BC News

Pensioners fear huge losses if Catalyst resold

In its heyday, the now defunct Elk Falls mill produced pulp and paper. First the pulp mill closed, followed by the paper mill. It’s current owner, Catalyst, is in bankruptcy protection and the restructuring or resale options don’t bode well for mill pensioners. - Mirror File Photo
In its heyday, the now defunct Elk Falls mill produced pulp and paper. First the pulp mill closed, followed by the paper mill. It’s current owner, Catalyst, is in bankruptcy protection and the restructuring or resale options don’t bode well for mill pensioners.
— image credit: Mirror File Photo

At the corporate poker table where big-money players from New York are gambling for the future of Catalyst, the “little” guys at the table, the pensioners, feel like they’re being set up to lose.

“This a stacked deck. The sales agreement has already been decided – it just gets worse,” says Terry Stewart of Campbell River.

Stewart, 59, retired from the Elk Falls mill operation in 2010. He’s now on a steering committee for Catalyst Salaried Employees and Pensioners, a group with approximately 200 members. There’s also another group of pensioners who’ve worked for the various owners of Elk Falls, the Retired Salaried Employees Association.

Catalyst, with more than $800 million in debt, is currently under bankruptcy protection and the company’s future is being played out in court. The biggest problem for the pensioners is they’re listed as unsecured creditors.

If the secured creditors – i.e. the big money lenders – don’t agree on a restructuring plan, then Catalyst could very well be sold under an agreement known as a “stalking horse bid.” According to Stewart, that bid was put in place by the secured creditors and he believes they are unlikely to accept the restructuring plan.

What’s worse for the retirees is the pension plan is underfunded by $118 million. If the company is re-sold, there’s no obligation for the buyer to top up the shortfall. The retirees would also lose some medical benefits.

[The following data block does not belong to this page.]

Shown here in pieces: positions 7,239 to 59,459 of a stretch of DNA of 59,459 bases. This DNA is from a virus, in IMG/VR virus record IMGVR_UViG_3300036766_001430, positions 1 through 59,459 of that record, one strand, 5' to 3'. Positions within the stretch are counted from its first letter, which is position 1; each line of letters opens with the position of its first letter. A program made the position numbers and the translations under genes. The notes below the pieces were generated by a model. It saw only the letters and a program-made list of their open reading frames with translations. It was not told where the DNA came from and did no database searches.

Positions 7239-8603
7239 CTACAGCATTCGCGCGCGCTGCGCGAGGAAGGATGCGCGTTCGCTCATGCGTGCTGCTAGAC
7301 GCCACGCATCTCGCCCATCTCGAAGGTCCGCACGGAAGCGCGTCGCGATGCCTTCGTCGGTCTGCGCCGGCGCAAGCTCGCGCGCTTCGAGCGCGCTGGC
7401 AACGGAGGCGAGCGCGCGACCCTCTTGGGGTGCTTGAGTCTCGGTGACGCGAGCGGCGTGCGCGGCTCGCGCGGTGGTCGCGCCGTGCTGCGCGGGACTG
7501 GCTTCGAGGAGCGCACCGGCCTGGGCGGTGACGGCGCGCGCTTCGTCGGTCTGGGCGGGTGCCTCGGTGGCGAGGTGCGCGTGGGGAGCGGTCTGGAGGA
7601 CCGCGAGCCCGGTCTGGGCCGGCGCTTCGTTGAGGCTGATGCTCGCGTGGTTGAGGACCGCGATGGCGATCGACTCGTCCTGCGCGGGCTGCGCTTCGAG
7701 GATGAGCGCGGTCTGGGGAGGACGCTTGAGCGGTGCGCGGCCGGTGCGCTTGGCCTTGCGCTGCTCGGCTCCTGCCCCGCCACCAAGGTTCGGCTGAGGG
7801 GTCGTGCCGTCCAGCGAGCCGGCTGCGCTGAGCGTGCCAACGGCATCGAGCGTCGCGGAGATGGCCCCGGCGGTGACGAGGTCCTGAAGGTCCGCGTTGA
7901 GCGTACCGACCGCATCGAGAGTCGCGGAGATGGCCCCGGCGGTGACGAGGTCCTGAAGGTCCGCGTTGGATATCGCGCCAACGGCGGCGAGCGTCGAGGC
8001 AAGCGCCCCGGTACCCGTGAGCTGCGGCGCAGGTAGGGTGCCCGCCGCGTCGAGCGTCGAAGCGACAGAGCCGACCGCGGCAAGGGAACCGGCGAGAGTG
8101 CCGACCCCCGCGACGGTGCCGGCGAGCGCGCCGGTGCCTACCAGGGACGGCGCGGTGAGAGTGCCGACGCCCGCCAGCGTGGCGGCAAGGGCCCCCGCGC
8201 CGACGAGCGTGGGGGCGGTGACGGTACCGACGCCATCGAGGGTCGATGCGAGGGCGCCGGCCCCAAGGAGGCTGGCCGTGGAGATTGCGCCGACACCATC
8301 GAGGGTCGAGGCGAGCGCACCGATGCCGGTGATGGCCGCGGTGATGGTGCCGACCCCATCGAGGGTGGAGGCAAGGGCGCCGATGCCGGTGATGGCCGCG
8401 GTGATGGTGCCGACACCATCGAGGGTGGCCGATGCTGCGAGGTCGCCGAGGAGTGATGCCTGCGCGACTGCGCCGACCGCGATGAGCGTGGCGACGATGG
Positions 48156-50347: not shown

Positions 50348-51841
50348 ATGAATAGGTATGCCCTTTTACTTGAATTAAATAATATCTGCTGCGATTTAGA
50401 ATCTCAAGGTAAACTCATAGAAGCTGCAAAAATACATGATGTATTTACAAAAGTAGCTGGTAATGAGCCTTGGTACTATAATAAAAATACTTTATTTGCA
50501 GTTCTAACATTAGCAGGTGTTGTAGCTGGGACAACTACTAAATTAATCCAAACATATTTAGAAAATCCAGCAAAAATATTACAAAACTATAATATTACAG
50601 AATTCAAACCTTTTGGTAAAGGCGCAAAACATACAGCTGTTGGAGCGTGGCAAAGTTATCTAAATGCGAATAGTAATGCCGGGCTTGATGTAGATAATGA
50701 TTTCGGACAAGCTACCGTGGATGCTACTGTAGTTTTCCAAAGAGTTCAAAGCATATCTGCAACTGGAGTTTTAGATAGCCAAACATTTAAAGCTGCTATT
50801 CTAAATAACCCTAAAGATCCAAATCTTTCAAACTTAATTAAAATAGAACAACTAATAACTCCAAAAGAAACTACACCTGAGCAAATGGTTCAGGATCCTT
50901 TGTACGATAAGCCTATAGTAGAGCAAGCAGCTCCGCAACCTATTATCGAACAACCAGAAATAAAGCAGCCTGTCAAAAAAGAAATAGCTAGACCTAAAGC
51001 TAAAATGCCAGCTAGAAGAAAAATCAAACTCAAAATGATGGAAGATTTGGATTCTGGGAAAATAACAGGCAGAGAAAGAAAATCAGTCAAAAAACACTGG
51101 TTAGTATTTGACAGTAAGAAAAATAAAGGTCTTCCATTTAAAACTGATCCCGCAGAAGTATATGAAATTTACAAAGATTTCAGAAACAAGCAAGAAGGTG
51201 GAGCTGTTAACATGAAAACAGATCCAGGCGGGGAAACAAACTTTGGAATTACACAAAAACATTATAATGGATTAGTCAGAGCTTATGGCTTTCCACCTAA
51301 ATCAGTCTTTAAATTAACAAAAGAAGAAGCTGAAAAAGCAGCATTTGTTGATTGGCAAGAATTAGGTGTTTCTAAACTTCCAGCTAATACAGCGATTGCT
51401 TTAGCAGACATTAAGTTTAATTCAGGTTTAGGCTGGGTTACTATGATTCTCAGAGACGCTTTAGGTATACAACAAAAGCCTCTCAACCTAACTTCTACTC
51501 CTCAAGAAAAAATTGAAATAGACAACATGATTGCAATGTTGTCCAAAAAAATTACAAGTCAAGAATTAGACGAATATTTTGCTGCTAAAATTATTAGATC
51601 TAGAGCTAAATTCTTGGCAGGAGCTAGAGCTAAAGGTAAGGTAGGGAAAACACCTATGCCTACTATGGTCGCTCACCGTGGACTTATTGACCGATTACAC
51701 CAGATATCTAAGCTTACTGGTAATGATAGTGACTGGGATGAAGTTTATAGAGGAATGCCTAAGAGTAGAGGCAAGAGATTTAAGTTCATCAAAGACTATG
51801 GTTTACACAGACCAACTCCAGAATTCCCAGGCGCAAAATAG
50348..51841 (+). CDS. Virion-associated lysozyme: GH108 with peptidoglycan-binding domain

That puts the pensioners in a situation where they must take their remaining funds and buy an annuity. But, Stewart points out, return rates for annuities are currently low.

“If you’re forced to lock in at a loss, that’s nuts,” he says.

Stewart is hopeful other options are first considered. The first being for a board of trustees to manage the pension funds; the second being for the pensioners to wait until interest rates climb before purchasing an annuity; or third, for the monies to be distributed to the members and invested accordingly.

But the rules governing pension plans in B.C. are out-of-date, says Stewart, which only leaves the option of rolling the pension investments – somewhere in the neighbourhood of $200 million – into an annuity.

Representatives of the pension plans are trying to negotiate with the government to update regulations.

“We’re trying to make sure we don’t get screwed…but we’re down on the list,” says Stewart.

What’s worse, he adds, is the provincial Superintendent of Pensions allowed Catalyst to underfund the pension plan for several years.

Stewart wonders whose rights the superintendent was looking out for: the pensioners’ or the company’s?

“We know this was happening,” he says. “The superintendent should act as an advocate on behalf of retirees. It’s painful.”

The bottom line is pensioners stand to lose a lot of money.

“The province never forced Catalyst to pay up and now we find ourselves in a horrific situation,” he says. “It’s not the end of the world, but how would you like to take a 35 per cent pay cut?”

The secured creditors were slated to vote to either restructure or sell Catalyst on Monday.

However, that date was extended and they will now meet May 2.

The B.C. Supreme Court has extended Catalyst Paper’s protection under the Companies’ Creditors Arrangement Act to June 30.

Follow the latest developments at www.pwc.com/ca/en/car/catalyst-paper-corporation/index.jhtml

 

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